Rudolf Steiner was born to a minor railway official and his wife in 1861, in an area that was then part of Austria, but is today the border area between Croatia and Hungary. From boyhood he had, as he later wrote in his autobiography, ‘burning questions about life and the world and the soul’. This was in part provoked by his natural clairvoyance, yet what was to drive him throughout his life was the reconciliation of that clairvoyant experience with spirit of science which was the hallmark of the time into which he had been born.
Throughout his life he was vigorously committed to this latter as the correct and necessary evolutionary path of human knowledge. Thus he chose to train in the ways of science, graduating in maths, physics and chemistry at the Technical University in Vienna in 1883. Throughout his time in Vienna however he, struggled with a painful but necessary decision he had made to defer serious work on his avowed goal - the uniting of the world of natural science with the world of spirit.
Conspicuously successful in his studies, Steiner had by the age of 25 written introductions and commentaries for four volumes of Goethe’s scientific work and published a book on Goethe’s theory of cognition. These met with sufficient scholarly acclaim that he was invited to the Goethe Institute in Wiemar, Germany in the role of scientific editor to a new edition of Goethe’s works.
Although this role occupied him through to the age of 35, Steiner during the same period, found time to collaborate on a complete edition of the works of Schopenhauer and to earn a Ph.D. from Rostock University.
His doctoral thesis (concerned with matters relating to Fichte´s concept of the ego) reflected an interest which was not only to be life-long, but was also fundamental to his quest for forms of science capable of tackling the question of spirit - namely, the nature of human individuality.
As well as Fichte, and Schopenhauer, Steiner also studied extensively the work of Kant (from the age of 16), Schiller, Hegel, Nietzche (with whom he had a personal relationship), and others.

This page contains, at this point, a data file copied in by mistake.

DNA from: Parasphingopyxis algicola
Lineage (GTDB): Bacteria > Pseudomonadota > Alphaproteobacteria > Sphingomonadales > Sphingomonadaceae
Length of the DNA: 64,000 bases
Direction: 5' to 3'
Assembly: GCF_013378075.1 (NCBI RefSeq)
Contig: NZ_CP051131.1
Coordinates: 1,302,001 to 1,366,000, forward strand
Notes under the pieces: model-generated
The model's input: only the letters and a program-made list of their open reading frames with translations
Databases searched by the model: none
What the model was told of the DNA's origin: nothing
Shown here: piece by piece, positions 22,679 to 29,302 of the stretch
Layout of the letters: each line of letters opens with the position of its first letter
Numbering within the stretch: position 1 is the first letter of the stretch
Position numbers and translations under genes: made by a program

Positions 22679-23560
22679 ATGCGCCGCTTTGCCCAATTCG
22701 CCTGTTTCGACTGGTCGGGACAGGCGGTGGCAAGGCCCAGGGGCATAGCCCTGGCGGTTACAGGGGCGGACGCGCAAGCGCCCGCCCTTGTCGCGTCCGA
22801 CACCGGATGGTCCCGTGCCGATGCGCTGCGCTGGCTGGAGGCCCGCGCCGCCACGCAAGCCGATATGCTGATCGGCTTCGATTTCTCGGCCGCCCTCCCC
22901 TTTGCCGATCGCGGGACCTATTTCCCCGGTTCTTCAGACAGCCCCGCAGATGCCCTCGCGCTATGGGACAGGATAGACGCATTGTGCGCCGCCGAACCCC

Yet in the end it was Goethe´s work which held the most promise for helping to bring questions concerning spirit within the compass, not merely of experience, but of something which could be called rigorous knowledge in a way comparable to undeniable rigour of materialistic science.
Here we must digress a little to Goethe´s work, for it is foundational to Steiner´s: An unusual achievement in any era, Goethe was highly accomplished in both science and the arts. Even to the point that he was able to experience them not as two separate arenas at all, but as different dimensions of the same arena. Thus his approach to science began with an aesthetic attitude, and a conception of nature not as a set of disparate phenomena but as a unity, in which every phenomenon must be a morphological development of other phenomena. Next he strove for direct and participative knowing, in which “the phenomena themselves become the theory”.
Such knowing, in the Goethean approach, requires entering perceptively into the morphological processes at work, allowing them to play themselves out as archetypes in observer´s consciousness, so as to reveal underlying truths.
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